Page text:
German Of The Day: Bremser

That means brakeman or somebody who drags his feet and won’t get with the plan.

Germany, a world-class Bremser, has now dropped its opposition to an EU ban on Russian oil because, well, 1) they want to improve their image of being a Bremser and 2) they know that this ban won’t happen anyway because Hungary and Slovakia, being even more dependent upon Russian oil than Germany is (which is saying a lot), are being even bigger Bremser than the German Bremser is and for the ban to take place, all 27 EU countries must agree to it.

Two senior ministers in Chancellor Olaf Scholz’s government on Monday said Germany would be ready to back an immediate European Union ban on Russian oil imports, and that Europe’s biggest economy could weather shortages and price hikes.

As Tough As Jell-O

Jermany is.

When it comes to standing up to Vlad Putin himself. Hey, dependency has its price.

German energy firm Uniper ready to meet Russian pay demand – One of Germany’s biggest energy firms has said it is preparing to buy Russian gas using a payment system that critics say will undermine EU sanctions.

Uniper says it will pay in euros which will be converted into roubles, meeting a Kremlin demand for all transactions to be made in the Russian currency.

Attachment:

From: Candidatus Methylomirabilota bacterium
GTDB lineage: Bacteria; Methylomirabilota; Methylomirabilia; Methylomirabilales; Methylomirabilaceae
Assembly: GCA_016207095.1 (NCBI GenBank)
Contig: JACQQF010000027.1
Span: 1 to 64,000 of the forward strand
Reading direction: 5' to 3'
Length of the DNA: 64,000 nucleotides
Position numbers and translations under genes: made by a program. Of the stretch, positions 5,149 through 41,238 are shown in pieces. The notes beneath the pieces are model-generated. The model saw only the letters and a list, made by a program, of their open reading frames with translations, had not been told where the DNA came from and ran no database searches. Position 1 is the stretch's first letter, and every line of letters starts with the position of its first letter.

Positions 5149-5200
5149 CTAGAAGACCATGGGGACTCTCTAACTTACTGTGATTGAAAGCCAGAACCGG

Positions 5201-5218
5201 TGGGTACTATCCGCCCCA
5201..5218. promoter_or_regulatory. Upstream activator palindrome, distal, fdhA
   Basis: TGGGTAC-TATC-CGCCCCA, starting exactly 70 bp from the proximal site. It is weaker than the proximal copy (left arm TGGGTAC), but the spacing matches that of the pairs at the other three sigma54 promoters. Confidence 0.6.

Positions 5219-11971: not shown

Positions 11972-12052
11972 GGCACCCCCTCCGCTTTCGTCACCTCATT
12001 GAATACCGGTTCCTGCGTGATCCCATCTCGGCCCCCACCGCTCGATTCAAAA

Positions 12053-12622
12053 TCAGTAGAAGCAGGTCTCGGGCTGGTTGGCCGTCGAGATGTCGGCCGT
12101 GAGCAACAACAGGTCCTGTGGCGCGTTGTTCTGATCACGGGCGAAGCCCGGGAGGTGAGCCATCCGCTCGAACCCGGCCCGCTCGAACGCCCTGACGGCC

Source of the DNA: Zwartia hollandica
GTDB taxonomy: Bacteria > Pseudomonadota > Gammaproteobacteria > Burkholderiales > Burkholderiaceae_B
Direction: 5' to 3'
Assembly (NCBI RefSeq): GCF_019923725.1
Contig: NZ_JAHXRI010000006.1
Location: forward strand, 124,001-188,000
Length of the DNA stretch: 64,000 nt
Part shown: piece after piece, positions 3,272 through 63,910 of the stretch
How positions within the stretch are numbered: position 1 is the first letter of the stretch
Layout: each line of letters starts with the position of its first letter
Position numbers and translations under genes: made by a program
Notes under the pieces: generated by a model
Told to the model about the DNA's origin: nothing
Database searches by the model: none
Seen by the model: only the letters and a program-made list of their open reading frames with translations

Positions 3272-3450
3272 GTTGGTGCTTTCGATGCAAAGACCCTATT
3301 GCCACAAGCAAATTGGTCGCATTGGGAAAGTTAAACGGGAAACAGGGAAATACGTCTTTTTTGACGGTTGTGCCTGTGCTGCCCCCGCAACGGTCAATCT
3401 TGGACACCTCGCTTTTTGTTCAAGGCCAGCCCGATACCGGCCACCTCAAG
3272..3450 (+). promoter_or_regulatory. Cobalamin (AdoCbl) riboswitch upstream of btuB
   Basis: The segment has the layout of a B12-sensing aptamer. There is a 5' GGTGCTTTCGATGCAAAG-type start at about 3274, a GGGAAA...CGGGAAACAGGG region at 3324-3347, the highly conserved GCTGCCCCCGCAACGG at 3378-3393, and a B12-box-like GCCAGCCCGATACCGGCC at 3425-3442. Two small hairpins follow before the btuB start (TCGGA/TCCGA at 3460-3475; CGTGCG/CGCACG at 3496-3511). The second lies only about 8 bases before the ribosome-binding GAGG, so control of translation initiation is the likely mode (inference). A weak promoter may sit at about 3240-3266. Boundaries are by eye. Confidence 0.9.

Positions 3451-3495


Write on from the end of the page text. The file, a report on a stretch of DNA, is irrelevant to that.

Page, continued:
Other European energy firms are reportedly preparing to do the same amid concerns about supply cuts.

How Germany Was Divided After World War II?

Pretty much in half.

And it sure is reassuring to know that a big European war like that could never, ever happen again. Cold or otherwise. Right?

The situation in Germany after World War II was dire. Millions of Germans were homeless from Allied bombing campaigns that razed entire cities. And millions more Germans living in Poland and East Prussia became refugees when the Soviet Union expelled them. With the German economy and government in shambles, the Allies concluded that Germany needed to be occupied after the war to assure a peaceful transition to a post-Nazi state.

What the Allies never intended, though, was that their temporary solution to organize Germany into four occupation zones, each administered by a different Allied army, would ultimately lead to a divided Germany.

“Only over time, as the Cold War eroded trust between the Soviet Union and the Western Allies, did these occupation zones coalesce into two different German nations.”

It’s Magic!

Not black magic. Green magic.

Why didn’t anybody think of doing this before? Then all this embarrassing talk about Germany being dependent on Russia for it’s energy needs (50%) wouldn’t have been necessary.

Germany aims to find alternative to Russian oil within days – Germany hopes to find a way within days to replace Russian oil with supplies from other sources, Economy Minister Robert Habeck (Greens) said on Tuesday, adding that Germany could then cope with an EU embargo on Russian oil imports.

German Of The Day: Gepard

That means cheetah. Leopards can’t change their spots, of course, but maybe German cheetahs can.

Anti-aircraft tank Gepard of the German Armed Forces during a demonstration. The anti-aircraft tank Gepard, short Flak Panzer Gepard, is armed with two 35mm cannons. The main task is the fight against aircraft. Through the radar on the turret, the Flak Panzer Gepard can independently locate aircraft.

Support for Ukraine.

Germany wants to supply Gepard tanks – The German government now wants to allow the supply of tanks from industry stocks to Ukraine.